Carlo Facchino is no stranger to extreme conditions. In 2016 with a team of 4 he broke a world record for the fastest ro across the Pacific Ocean - Team Uniting Nations broke a Guinness World Record by rowing from Monterey, CA to Honolulu, HI in 39 days, 9 hours, and 56 minutes, a full three days faster than the existing record.
Now, Facchino and team have claimed another 11 records for their Polar Row from Tromsø, Norway to Iceland. They were going after the Longest Open Water Row in the Arctic and fell just short, but another 11 records is nothing to sneeze at. Teammate Fiann Paul became the most record breaking Ocean Rower, claiming the title of first to row 4 oceans, and first to hold speed record on 4 oceans.
Typing from his laptop in the airport in Oslow, Carlo Facchino gave us the run down on the epic journey, and how XX2i Optics helped make it possible.
We just finished our Polar Row and it was a huge success.
Some of the highlights: The Arctic Ice Shelf, Walrus, Whales, SVALBARD, dangerous seas, big waves, Guinness World Records and JAN MAYEN!
We broke up the expedition into three "legs" with the first leg rowing 521 nautical miles from Tromsø, Norway to Longyearbyen, Svalbard. The second leg we set off from Longyearbyen, Svalbard and attempted to row as far north as we possibly could. Just below 80º degrees north we ran into the Arctic ice pack and could go no further. It was quite the accomplishment to reach the ice pack and secure a record for the northernmost latitude (79º 55'55") ever reached by a rowing boat!
On reaching the Polar Ice Shelf: It was so cool! We were rowing and in the distance I could hear a low hum. Similar to being a bit away from the beach and hearing the hum of the waves. Then Alex said, what are those floating things as we were seeing little pebbles of ice float by. The pebbles turned to rocks to bigger chunks. The hum got louder. Then, there it was, Ice as far as we could see!!
The third leg of the trip started from the Arctic ice pack as we headed southwest toward Iceland. On the row south we passed several ice drifts which required some skillful navigation to get through. Several days after we passed the ice drifts the winds picked up and we rowed through a couple storms with rough seas. Conditions were constantly overcast and our solar panels weren't able to recharge our batteries. The batteries eventually drained and the electronics shut off. We rowed using manual steering and following a compass as we switched our route to stop at a very remote island called Jan Mayen in the Arctic. Jan Mayen is home to 18 Norwegians who live and work on a Norwegian Naval and Meteorological Station.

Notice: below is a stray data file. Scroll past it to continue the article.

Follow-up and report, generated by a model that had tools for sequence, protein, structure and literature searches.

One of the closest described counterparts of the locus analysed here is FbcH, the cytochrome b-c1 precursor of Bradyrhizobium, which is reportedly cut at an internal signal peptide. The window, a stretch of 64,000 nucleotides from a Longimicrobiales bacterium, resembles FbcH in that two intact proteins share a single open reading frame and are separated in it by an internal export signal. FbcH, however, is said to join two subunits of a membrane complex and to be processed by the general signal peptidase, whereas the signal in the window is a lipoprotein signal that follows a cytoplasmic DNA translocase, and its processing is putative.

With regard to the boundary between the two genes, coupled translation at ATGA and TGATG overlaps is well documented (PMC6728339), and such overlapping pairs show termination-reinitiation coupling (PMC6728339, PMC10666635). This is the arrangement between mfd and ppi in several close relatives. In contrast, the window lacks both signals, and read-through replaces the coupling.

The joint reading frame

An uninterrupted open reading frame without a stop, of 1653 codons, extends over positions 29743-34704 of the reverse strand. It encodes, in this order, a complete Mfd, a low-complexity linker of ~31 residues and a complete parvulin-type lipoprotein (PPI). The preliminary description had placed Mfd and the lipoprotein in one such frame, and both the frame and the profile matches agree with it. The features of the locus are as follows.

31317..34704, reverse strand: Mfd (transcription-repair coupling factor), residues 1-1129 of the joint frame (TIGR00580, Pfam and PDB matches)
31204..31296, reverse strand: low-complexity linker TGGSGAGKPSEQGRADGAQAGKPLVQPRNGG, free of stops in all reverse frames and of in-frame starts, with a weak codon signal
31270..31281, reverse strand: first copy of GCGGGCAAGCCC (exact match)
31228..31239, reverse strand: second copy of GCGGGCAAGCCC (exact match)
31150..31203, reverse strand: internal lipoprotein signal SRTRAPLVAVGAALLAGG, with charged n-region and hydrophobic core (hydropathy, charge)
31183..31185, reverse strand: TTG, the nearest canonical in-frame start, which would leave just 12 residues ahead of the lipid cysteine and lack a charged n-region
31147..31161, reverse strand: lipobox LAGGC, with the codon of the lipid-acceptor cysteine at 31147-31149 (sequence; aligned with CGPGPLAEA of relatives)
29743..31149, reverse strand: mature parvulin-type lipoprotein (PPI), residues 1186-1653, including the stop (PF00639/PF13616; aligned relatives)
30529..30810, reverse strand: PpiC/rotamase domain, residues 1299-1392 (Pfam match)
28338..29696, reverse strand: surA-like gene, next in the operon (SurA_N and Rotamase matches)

After reaching Jan Mayen and evaluating the boat along with the health of the crew and the remaining 300 plus miles to Iceland, we decided to end the expedition. The main concern was safety. The cold weather, wind chill, and cold waters were a huge concern. If we had capsized in a big wave, the potential for someone to die from hypothermia was very high. We are all very proud of our accomplishments and the records we earned.
Although we were in the Polar Day (24hour Sunlight) the conditions were usually overcast. The days when the sun was out, the XX2i Optics sunglasses were a HUGE help. During the Polar Day the sun is relatively low on the horizon and the glare is blinding. Having the polarized lenses was a huge bonus.
On our trip south to Iceland we hit multiple days with dense marine cover and no direct sunlight. Our solar panels weren't producing enough energy to power our batteries. At a certain point, the batteries could no longer power the electronics and we were forced to go without navigational equipment. We hit several big storms and the crew and boat took a beating. For several days we had to row by compass and manual steering. We headed toward Jan Mayen and successfully arrived on Aug. 21st.
Four of the six rowers decided the Arctic conditions were too unsafe - we've all been through dangerous conditions, but there are some days where you stop, and have to decide for yourself if you want to continue. The danger of capsizing in big waves and cold water, combined with the risk that hypothermia posed, meant that only a third of the team rowed onward. We all suffered from non-freezing cold injuries, mainly in our feet and hands. No frostbite, but it takes some time for the nerves to regenerate.
The remaining two rowers were welcomed at the Norwegian Naval and Meteorological Station on Jan Mayen, but there was no way for us to leave the island and we were stranded on the island for two weeks. Luckily, they had very limited internet access. This past Friday we were picked up by a Norwegian Coast Guard vessel and given a lift from Jan Mayen to mainland Norway. I'm currently at the airport in Oslo awaiting my flight home.
Signing off, Carlo Facchino.
We can't wait to see what the team does next!
Read more about the rowers on ITV.com